Joe Louis

Joe Louis


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Joseph Louis Barrow was born on May 13, 1914, in a shack outside of Lafayette, Alabama. The grandson of slaves, he was the seventh of eight children born to a sharecropper father, Munn, and wife Lillie, a laundress.

Louis's early life was shaped by financial struggles. He and his siblings slept three and four to a bed, and Louis was just 2 years old when his father was committed to an asylum. Shy and quiet, his development was stymied by limited education, and he eventually developed a stammer.

Not long after Lillie Barrow remarried, to widower Patrick Brooks, the family migrated north to Detroit. Louis attended the Bronson Trade School, where he trained as a cabinet maker, but was soon forced to take on odd jobs after Brooks lost his job with the Ford Motor Company.

After Louis began hanging out with a local gang, Lillie sought to keep her son out of trouble by having him take violin lessons. However, Louis had also been introduced to boxing by a friend; he began using the violinmoney to train at Brewster Recreation Center.

Fighting under the name “Joe Louis,” reportedly so his mother wouldn't find out, Joe Louis began his amateur career in late 1932. While not an immediate success—he was floored several times by 1932 Olympian Johnny Miler in his debut—Louis soon proved he could hit harder than anybody else. His all-around skills eventually caught up to his punching power, and in 1934 he won Detroit's Golden Gloves light-heavyweight title in the open class and the national Amateur Athletic Union championship. He wrapped up his amateur career with 50 wins in 54 matches, 43 of them by knockout. 

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Joe Louis hit the ground running as a professional in 1934, obliterating opponents with his powerful jab and devastating combos. By the end of 1935, the young fighter had already dispatched former heavyweight champions Primo Carnera and Max Baer, accumulating some $370,000 in prize money along the way. However, he reportedly did not train hard for his first fight against former heavyweight champion Max Schmeling of Germany, and on June 19, 1936, Schmeling scored a 12th-round knockout to hand Louis his first professional defeat.

On June 22, 1938, Louis got the chance at a rematch with Schmeling. This time the stakes were higher: With Schmeling hailed as an example of Aryan supremacy by Adolph Hitler, the bout took on heightened nationalistic and racial overtones. This time Louis annihilated his German opponent with a first-round knockout, making him a hero to both black and white Americans.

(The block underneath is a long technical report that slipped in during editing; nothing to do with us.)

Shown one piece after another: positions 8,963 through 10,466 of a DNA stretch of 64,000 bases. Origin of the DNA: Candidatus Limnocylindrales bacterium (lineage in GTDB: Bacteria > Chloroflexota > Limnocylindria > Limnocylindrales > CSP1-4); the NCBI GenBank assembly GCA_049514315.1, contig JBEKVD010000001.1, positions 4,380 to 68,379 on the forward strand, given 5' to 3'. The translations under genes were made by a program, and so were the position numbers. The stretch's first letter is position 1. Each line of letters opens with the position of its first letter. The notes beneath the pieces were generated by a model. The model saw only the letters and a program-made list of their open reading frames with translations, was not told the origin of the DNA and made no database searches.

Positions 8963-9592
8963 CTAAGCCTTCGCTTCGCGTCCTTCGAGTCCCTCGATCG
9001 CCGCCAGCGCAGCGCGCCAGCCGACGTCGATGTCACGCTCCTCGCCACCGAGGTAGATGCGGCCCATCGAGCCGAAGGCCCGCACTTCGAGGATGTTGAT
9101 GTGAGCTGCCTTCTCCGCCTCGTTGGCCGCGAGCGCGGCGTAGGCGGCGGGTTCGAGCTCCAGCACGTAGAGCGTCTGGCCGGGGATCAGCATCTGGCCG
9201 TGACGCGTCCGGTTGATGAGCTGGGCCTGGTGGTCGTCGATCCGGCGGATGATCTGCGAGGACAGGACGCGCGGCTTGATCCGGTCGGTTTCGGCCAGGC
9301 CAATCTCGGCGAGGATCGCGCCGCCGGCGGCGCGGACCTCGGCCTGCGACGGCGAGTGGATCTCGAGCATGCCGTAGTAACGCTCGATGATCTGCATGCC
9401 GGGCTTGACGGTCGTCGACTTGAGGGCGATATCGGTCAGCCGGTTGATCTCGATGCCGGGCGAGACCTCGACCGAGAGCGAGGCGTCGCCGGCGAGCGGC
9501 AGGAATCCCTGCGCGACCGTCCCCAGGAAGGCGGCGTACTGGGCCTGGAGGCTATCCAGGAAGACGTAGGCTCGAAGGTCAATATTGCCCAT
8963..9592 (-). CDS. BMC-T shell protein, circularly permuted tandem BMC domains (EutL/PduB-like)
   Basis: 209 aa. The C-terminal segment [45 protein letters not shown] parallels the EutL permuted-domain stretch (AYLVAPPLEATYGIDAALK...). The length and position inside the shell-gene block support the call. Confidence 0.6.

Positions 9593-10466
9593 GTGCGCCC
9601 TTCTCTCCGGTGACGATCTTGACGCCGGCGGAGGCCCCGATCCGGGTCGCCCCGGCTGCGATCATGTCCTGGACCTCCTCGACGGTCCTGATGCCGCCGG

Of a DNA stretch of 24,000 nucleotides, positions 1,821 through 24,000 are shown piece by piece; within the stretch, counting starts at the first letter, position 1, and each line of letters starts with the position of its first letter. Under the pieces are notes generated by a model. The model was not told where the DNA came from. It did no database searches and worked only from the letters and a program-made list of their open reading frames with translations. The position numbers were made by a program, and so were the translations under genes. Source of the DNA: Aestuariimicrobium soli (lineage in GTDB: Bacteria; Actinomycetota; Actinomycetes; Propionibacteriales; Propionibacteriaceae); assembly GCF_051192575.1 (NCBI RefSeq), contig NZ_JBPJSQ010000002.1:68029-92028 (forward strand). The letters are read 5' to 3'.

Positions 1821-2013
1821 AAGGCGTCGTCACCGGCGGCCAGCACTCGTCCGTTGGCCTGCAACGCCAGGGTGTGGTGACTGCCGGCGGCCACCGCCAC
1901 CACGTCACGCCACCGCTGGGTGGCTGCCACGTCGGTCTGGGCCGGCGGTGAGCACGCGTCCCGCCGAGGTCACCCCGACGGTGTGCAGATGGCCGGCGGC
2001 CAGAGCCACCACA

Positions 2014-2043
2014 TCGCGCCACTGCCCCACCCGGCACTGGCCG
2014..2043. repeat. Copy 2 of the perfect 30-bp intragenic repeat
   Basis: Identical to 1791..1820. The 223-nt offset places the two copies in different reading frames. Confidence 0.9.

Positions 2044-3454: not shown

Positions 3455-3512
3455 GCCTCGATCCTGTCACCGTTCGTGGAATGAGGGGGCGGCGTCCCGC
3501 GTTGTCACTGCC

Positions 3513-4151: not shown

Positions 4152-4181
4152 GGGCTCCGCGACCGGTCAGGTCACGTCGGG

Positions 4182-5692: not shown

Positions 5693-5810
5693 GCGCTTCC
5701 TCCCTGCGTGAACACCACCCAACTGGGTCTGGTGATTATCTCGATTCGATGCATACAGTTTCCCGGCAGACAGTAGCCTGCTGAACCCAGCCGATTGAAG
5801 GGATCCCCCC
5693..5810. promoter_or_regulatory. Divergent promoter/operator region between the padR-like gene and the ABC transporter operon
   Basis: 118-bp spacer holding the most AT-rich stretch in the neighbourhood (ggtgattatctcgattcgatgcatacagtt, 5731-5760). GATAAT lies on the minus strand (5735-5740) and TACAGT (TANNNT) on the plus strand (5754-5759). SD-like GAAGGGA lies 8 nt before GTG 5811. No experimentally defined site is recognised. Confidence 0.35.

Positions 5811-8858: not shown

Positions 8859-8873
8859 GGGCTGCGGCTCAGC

One of the world's best-known athletes, Louis's enduring popularity was partly due to his sheer dominance: Of his 25 successful title defenses, nearly all came by knockout. But in winning, Louis also showed himself to be a gracious, even generous victor. He also drew praise for his support of the country's war effort, as he enlisted in the U.S. Army in 1942 and donated prize money to military relief funds.

After reigning as heavyweight champion for 11 years and eight months, a record, Louis retired on March 1, 1949. 

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Saddled with financial problems, Louis returned to the ring to face new heavyweight champ Ezzard Charles in September 1950, dropping a 15-round decision. He compiled a new winning streak against a series of lesser opponents, but was no match for top contender Rocky Marciano; following their bout on October 26, 1951, which ended in a brutal eighth-round TKO, Louis retired for good with a career record of 68-3, including 54 knockouts.

The years after his retirement from the ring proved uneven for Louis. He was still a revered public figure, but money was a constant issue for him due to unpaid taxes. He briefly wrestled professionally in the mid-1950s, and later served as a referee for both wrestling and boxing matches. The IRS eventually forgave his debt, allowing the former champ to regain some financial stability while he worked as a greeter at the Caesars Palace casino in Las Vegas.

Louis suffered from his share of health problems as he aged. After battling a cocaine addiction, he was committed to psychiatric care in 1970. He was later confined to a wheelchair after undergoing heart surgery in 1977.  

Louis passed away from cardiac arrest on April 12, 1981. Undoubtedly one of his sport's all-time greats, he was inducted into The Ring Magazine Boxing Hall of Fame in 1954 and the International Boxing Hall of Fame in 1990. However, Louis also left behind a legacy that transcended the boundaries of athletics. He was posthumously awarded a Congressional Gold Medal in 1982, and in 1993 he was the first boxer to appear on a commemorative postage stamp.